Bookshelf (Object Lessons)
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|Format: ||Paperback, 152 pages|
|Other Information: ||7 b/w illustrations|
|Published In: ||United States, 01 January 2016|
Object Lessons is a series of short, beautifully designed books about the hidden lives of ordinary things. Every shelf is different and every bookshelf tells a different story. One bookshelf can creak with character in a bohemian coffee shop and another can groan with gravitas in the Library of Congress. Writer and historian Lydia Pyne finds bookshelves to be holders not just of books but of so many other things: values, vibes, and verbs that can be contained and displayed in the buildings and rooms of contemporary human existence. With a shrewd eye toward this particular moment in the history of books, Pyne takes the reader on a tour of the bookshelf that leads critically to this juncture: amid rumors of the death of book culture, why is the life of the bookshelf in full bloom? Object Lessons is published in partnership with an essay series in the The Atlantic.
Table of Contents
Introduction. Bookshelf: What's In a Name? Chapter 1. From Medieval to Modern: Bookshelves in Chains Chapter 2. The Things that Go On a Bookshelf Chapter 3. Bookshelves That Move Chapter 4. Bookshelves as Signs and Symbols Chapter 5. The Life Cycle of a Bookshelf Conclusion. The Plural Futures of Bookshelves Bibliography Acknowledgements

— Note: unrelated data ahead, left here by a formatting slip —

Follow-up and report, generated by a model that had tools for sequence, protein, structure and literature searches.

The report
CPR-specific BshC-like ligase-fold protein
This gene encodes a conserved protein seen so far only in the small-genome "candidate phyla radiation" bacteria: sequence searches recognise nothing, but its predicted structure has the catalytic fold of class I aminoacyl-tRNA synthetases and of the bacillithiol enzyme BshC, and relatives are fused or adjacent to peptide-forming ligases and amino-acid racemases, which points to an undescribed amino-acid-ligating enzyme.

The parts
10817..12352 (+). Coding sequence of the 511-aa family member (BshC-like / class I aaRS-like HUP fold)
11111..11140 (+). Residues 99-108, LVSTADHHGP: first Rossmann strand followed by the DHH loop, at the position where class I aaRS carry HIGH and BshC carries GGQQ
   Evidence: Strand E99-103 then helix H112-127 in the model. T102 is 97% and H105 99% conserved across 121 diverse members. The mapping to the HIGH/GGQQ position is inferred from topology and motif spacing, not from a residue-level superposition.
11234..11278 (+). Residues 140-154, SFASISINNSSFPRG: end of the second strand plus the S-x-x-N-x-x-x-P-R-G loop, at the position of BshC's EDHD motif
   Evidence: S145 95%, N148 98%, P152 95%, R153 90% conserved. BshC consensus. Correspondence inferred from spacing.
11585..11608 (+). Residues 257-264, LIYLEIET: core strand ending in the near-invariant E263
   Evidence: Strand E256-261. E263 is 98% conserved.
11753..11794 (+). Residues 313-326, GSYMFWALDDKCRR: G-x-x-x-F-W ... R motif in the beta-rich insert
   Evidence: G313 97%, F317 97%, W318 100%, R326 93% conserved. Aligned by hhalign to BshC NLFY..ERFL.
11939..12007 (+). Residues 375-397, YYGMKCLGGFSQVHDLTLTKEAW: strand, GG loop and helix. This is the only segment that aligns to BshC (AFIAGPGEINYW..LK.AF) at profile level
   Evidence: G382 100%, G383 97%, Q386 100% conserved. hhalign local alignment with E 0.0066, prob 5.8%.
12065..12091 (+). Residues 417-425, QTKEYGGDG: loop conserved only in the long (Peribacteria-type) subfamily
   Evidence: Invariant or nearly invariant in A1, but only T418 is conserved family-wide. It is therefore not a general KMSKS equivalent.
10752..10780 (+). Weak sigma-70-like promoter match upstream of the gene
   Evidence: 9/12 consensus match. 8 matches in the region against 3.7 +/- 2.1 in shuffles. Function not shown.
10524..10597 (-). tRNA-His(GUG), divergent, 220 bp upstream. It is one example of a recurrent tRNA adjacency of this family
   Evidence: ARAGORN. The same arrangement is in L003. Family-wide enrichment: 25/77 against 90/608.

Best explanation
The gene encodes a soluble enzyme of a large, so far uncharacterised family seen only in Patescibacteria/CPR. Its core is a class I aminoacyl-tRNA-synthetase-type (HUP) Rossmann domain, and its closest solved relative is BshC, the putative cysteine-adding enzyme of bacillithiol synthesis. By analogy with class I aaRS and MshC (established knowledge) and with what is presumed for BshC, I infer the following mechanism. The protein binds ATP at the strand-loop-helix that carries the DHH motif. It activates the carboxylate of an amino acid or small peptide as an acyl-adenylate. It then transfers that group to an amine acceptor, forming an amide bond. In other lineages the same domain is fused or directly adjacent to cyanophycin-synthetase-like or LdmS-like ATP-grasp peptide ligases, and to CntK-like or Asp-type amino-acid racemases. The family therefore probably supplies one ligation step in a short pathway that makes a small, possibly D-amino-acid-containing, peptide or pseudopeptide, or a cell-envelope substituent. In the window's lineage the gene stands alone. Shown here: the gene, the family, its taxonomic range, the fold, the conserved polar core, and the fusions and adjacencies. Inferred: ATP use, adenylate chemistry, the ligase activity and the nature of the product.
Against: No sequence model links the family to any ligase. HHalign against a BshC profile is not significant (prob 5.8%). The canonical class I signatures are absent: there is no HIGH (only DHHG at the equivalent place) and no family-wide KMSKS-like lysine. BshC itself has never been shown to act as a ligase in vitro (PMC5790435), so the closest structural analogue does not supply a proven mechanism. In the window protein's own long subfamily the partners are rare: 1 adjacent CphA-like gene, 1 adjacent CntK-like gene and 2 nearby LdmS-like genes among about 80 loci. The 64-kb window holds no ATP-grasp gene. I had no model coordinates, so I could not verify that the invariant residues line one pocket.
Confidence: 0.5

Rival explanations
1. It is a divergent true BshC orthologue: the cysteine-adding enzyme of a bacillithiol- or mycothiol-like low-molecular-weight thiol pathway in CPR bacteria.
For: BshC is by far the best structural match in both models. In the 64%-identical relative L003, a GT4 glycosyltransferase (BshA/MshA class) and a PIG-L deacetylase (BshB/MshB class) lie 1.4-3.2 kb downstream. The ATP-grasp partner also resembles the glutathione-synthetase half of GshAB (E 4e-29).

Shows that, whether in the library, office, or home, the bookshelf is where and how we create categories to sort knowledge and experience and that every bookshelf tells a different story.
About the Author
Lydia Pyne (PhD) is a freelance writer, editor, historian, and Research Fellow in the Institute for Historical Studies at the University of Texas at Austin, USA. She is a contributing editor for The Appendix and a reviewer and essayist for NewPages and New York Journal of Books. She is the author of Seven Skeletons: The Evolution of the World's Most Famous Human Fossils (Viking, 2016) and, with Stephen J. Pyne, The Last Lost World: Ice Ages, Human Origins, and the Invention of the Pleistocene (Penguin, 2012).
An absorbing meditation on an object of lasting cultural significance. * Sydney Morning Herald * As the page is to the book, so is the bookshelf to our culture, that is the lesson of this delightful and stimulating essay. Anything can happen on a page, so too, we learn, a bookshelf partakes of that astonishing range of possibility, circumscribed only by rectilinear geometry, a mode nonpareil of storing, displaying, distributing, assembling, categorizing and contextualizing knowledge. Even virtually, it continues unabashed, as a metaphor, like browsing. A lovely glimpse of the joy and scale of human culture endeavor, its forms and functions, contexts and containers. * Richard Nash, Publisher, Red Lemonade *
16.26 x 11.43 x 1.52 centimetres (0.36 kg)|
15+ years |